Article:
Then, out of the blue, crisis hits. I don’t even know what triggers it. All I know is that there is this ‘something’ inside. That ‘something’ is surrounded by ‘something’ else. It churns around in more and more ‘somethings’. I can’t tell what it is. I have no words. All of these ‘somethings’ dissolve in a puddle of pain if I even dare to think of asking for help. And the shame. The shame of these ‘somethings’, the shame of needing help with whatever they are, the shame of the neediness, the shame of the shame.

Sometimes I have vague sensations that something is not right. But as soon as I notice it, it disappears, and I’m left wondering if I imagined it. Then at other times, it knocks me sideways as it erupts out of nowhere. It is unstoppable. And I watch from outside myself in horror, with a morbid fascination, observing this upset person, overwhelmed by feelings and needs and distress. I flit in and out. I desperately try to pull myself together but I can’t seem to hold onto anything. Various parts of me, of varying ages, merge together. My surroundings morph from bigger to smaller. I shrink and then I grow. Colours fade to bleach and then dazzle vividly. Pain flashes within me, on and off like a faulty neon sign. I feel lost within myself, terrorised by these ‘somethings,’ these feelings, these needs.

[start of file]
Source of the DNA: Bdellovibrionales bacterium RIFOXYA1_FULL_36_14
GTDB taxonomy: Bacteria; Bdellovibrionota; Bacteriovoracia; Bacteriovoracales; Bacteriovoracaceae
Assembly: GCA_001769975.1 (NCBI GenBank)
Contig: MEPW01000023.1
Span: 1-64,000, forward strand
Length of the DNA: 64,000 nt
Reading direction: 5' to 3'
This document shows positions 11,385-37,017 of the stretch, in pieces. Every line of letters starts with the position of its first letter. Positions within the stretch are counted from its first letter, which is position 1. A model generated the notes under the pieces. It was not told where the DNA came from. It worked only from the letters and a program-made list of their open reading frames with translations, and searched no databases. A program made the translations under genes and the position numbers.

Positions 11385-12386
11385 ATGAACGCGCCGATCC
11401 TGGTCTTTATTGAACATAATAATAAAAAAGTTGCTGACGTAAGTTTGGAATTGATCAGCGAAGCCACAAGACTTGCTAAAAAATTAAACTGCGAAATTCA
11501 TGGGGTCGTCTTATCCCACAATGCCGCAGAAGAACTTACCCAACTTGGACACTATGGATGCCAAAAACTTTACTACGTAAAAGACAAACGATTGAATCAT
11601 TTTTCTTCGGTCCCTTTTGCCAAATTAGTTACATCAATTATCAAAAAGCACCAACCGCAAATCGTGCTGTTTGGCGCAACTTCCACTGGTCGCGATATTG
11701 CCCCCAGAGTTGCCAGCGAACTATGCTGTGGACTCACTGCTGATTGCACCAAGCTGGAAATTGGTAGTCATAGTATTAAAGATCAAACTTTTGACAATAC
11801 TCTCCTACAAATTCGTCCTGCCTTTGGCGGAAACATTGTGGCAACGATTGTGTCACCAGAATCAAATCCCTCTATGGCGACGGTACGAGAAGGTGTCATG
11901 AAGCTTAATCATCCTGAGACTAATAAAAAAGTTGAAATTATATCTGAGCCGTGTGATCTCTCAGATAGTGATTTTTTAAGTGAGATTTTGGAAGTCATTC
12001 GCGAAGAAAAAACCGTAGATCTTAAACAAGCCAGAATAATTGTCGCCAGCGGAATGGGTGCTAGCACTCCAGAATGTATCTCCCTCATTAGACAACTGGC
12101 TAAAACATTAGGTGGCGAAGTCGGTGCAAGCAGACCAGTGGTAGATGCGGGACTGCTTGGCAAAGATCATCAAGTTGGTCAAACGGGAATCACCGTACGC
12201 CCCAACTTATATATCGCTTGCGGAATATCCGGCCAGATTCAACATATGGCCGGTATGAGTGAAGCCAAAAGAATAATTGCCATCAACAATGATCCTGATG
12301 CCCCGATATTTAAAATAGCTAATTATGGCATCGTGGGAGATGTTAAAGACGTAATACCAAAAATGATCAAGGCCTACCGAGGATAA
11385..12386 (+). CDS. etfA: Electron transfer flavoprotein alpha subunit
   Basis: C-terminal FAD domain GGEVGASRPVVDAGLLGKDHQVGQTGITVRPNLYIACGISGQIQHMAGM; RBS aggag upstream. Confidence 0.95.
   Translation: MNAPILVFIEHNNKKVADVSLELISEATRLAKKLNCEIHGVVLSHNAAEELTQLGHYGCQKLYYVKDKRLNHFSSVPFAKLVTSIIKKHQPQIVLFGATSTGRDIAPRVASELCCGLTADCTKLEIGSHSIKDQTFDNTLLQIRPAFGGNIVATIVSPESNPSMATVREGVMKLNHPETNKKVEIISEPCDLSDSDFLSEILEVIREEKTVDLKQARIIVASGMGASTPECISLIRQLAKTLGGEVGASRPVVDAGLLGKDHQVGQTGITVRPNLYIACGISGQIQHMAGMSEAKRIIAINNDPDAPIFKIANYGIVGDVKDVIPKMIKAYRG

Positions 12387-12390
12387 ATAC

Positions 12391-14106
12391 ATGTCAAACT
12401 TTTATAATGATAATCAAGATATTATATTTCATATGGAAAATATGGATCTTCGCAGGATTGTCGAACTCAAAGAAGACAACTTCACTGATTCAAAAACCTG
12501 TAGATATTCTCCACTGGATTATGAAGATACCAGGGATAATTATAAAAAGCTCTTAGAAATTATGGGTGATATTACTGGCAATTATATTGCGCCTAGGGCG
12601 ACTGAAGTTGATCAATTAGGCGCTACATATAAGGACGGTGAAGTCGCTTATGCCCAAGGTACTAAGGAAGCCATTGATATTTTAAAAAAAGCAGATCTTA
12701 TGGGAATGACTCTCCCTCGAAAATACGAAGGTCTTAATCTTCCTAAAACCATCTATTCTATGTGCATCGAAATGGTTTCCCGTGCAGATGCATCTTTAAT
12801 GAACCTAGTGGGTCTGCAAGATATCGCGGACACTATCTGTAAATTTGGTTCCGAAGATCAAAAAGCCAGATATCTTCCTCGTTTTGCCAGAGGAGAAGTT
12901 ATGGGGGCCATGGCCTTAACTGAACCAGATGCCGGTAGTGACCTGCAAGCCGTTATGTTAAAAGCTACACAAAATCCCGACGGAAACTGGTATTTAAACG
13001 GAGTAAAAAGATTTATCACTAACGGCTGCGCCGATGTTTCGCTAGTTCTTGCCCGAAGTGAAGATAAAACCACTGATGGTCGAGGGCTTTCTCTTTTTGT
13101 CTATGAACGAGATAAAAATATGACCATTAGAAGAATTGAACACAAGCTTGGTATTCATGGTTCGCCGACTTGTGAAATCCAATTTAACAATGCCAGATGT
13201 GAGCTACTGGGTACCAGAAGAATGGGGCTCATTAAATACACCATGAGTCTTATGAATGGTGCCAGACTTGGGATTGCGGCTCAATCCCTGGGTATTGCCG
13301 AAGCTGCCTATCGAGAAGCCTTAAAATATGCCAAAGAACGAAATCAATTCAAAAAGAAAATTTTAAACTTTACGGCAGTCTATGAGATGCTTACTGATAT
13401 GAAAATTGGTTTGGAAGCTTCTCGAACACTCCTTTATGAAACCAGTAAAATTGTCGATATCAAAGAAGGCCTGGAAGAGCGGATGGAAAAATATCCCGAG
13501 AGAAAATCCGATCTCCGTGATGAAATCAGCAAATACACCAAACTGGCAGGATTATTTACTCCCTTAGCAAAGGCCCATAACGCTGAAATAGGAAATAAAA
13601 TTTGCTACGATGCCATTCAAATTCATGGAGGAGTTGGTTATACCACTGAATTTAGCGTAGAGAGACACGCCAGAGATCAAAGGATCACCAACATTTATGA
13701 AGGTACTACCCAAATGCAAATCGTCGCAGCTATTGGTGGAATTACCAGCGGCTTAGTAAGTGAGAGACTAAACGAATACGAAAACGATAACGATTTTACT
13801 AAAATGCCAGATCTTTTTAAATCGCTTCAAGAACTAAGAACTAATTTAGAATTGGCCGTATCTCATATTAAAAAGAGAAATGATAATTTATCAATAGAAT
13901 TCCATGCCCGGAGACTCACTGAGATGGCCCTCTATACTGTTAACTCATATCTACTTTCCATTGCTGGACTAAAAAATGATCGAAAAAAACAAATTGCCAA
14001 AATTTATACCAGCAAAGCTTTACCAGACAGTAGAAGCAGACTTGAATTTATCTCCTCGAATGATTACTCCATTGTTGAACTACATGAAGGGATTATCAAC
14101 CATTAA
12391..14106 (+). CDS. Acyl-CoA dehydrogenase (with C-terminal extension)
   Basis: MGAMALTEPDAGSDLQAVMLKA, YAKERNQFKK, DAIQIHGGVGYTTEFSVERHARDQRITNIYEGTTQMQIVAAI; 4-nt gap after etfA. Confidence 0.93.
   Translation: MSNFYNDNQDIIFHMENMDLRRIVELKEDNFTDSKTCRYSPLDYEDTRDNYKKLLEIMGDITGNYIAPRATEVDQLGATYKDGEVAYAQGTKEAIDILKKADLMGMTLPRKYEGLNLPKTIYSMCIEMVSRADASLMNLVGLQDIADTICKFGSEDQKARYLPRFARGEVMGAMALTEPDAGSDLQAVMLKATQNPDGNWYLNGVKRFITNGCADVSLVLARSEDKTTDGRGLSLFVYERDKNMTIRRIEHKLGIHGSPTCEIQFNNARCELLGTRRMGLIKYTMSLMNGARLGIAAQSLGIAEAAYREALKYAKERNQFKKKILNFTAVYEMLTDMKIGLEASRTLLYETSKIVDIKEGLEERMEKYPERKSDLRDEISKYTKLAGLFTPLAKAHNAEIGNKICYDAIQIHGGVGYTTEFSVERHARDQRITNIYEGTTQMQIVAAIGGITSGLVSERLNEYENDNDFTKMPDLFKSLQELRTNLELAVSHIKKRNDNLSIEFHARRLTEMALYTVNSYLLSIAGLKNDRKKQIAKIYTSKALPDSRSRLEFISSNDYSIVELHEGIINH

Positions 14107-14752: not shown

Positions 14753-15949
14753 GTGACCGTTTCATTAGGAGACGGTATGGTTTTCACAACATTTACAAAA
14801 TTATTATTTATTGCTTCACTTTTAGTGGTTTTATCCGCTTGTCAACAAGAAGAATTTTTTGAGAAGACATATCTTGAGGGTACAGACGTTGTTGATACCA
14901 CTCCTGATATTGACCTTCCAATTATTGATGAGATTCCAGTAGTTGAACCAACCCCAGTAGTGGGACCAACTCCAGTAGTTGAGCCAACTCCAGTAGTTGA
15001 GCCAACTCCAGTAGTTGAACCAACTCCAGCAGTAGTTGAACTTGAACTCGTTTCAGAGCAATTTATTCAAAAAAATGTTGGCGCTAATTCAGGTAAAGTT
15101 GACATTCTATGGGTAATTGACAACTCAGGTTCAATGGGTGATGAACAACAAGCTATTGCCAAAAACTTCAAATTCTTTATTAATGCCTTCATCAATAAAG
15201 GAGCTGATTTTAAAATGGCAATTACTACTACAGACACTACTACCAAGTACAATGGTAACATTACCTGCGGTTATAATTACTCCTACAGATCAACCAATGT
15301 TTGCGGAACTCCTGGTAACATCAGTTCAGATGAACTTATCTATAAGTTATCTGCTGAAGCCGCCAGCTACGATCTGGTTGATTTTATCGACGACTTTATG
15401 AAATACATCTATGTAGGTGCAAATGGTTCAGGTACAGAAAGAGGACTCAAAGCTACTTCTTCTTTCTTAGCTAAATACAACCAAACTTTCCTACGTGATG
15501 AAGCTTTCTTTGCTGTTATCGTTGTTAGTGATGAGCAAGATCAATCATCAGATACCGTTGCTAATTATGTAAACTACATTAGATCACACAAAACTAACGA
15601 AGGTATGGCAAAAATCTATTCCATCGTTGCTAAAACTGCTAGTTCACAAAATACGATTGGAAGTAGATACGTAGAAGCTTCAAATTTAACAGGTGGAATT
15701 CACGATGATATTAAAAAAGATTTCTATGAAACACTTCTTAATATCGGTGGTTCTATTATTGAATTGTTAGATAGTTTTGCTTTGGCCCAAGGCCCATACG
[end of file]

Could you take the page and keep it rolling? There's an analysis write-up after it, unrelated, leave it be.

Vaguely, on the outside of me, are two people. I know them, and I forget them. They are friends—no, they are strangers. I can’t hold them in my mind. From a distance, I can see them reaching towards me. They are trying to pull me towards them. They are offering their help, and I am desperate to accept it. I come back to the real world and this dissociative moment passes. This cacophony of feelings begins to subside. Until later.